File Photo: The seal of the Federal Communications Commission (FCC) is seen before an FCC meeting to vote on net neutrality in Washington on Dec. 14, 2017. AP
The United States had previously revoked the permits of China Telecom and China Unicom, and the Federal Communications Commission has now given 60 days to Pacific and its subsidiary ComNet to cut service.
"The companies' ownership and control by the Chinese government raise significant national security and law enforcement risks," the FCC said in a statement, adding Beijing could monitor or disrupt US communications.
Beijing criticised the move as "blatantly overstretching the concept of national security."
At a press briefing Thursday, foreign ministry spokesman Zhao Lijian said the move was "an abuse of state power and an unreasonable suppression of Chinese companies."
He said China would "continue to take necessary measures to resolutely safeguard the legitimate rights and interests of Chinese companies."
ComNet did not immediately reply to a request for comment.
The revocation of Pacific's operating authority comes as US President Joe Biden has pressed ahead with a strategy of confronting China broadly in line with that of his predecessor Donald Trump, whose approach sent tensions soaring.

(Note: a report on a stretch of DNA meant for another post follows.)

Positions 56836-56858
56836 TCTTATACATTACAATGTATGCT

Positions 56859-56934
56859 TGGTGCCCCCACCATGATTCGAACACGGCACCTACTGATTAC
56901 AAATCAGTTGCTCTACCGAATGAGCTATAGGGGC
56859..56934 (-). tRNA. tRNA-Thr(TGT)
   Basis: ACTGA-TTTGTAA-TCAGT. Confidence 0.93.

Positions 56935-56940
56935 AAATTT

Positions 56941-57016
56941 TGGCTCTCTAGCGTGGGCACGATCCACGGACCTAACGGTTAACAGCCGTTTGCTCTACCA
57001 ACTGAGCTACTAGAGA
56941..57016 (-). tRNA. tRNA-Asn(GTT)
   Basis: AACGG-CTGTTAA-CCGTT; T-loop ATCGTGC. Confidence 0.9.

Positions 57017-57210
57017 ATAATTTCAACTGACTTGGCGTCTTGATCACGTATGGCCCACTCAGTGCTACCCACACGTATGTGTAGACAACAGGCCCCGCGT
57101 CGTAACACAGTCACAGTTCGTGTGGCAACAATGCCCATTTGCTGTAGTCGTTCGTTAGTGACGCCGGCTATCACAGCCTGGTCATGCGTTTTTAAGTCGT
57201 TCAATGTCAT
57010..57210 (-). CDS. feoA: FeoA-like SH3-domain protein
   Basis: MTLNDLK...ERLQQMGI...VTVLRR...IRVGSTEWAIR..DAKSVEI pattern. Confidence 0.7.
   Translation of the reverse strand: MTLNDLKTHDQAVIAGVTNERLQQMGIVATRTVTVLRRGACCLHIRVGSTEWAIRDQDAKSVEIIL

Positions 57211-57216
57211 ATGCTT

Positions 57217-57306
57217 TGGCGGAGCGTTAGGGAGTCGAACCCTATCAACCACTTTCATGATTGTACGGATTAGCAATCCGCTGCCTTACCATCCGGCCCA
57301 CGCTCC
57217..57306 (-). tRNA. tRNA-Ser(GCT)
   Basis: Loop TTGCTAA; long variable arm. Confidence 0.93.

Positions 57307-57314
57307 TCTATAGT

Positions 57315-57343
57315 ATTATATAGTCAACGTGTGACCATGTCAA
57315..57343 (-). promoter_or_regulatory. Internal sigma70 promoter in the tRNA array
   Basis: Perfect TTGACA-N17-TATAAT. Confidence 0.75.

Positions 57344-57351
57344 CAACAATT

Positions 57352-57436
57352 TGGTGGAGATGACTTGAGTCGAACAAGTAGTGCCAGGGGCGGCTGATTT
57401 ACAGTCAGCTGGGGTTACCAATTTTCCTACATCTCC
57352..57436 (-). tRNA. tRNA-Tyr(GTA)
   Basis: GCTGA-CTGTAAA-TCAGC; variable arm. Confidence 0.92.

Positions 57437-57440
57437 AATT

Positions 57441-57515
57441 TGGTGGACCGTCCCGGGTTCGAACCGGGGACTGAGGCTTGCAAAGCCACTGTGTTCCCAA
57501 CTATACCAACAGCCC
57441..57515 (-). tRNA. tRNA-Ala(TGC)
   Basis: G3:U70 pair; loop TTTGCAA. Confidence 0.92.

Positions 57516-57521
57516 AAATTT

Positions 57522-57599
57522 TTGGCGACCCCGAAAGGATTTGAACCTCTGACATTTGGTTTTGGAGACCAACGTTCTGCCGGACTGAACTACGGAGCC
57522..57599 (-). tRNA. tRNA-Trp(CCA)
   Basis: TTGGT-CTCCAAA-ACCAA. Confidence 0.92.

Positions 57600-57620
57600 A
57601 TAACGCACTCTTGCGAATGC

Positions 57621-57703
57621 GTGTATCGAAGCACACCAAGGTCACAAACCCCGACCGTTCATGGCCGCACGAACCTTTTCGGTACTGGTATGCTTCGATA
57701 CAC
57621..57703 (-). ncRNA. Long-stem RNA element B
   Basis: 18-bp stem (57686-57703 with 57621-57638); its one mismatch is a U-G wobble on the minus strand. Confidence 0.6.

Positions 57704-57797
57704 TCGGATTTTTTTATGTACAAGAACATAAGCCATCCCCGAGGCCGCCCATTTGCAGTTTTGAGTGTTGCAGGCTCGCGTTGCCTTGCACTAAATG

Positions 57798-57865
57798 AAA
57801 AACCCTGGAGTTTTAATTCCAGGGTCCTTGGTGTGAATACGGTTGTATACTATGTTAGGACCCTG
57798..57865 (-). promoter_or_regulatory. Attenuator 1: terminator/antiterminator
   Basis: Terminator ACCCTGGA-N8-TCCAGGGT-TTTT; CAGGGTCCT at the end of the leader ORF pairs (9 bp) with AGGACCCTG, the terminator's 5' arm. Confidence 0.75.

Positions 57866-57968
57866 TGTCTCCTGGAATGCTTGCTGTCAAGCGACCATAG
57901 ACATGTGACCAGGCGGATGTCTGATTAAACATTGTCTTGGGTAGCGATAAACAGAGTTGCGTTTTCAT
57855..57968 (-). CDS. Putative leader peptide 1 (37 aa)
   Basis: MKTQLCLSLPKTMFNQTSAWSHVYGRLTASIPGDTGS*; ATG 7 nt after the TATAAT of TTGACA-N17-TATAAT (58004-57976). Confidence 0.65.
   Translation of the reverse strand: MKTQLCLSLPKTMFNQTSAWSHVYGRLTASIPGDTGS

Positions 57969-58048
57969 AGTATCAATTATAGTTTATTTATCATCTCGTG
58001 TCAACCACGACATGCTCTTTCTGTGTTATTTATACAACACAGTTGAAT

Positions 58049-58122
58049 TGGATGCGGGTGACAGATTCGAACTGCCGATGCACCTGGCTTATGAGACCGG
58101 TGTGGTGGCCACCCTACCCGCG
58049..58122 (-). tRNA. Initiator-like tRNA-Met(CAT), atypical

Relations have been fraught between the world's two biggest economies on multiple fronts, including trade, human rights, Taiwan and the Covid-19 pandemic.
China Telecom is China's largest fixed-line operator, but it had faced trouble in the United States for years, particularly during Trump's presidency, as his administration repeatedly clashed with Beijing over trade.
The telecoms companies have fought back against the restrictions, with China Unicom saying in a statement in January that the FCC's decision was "without any justifiable grounds and without affording required due process."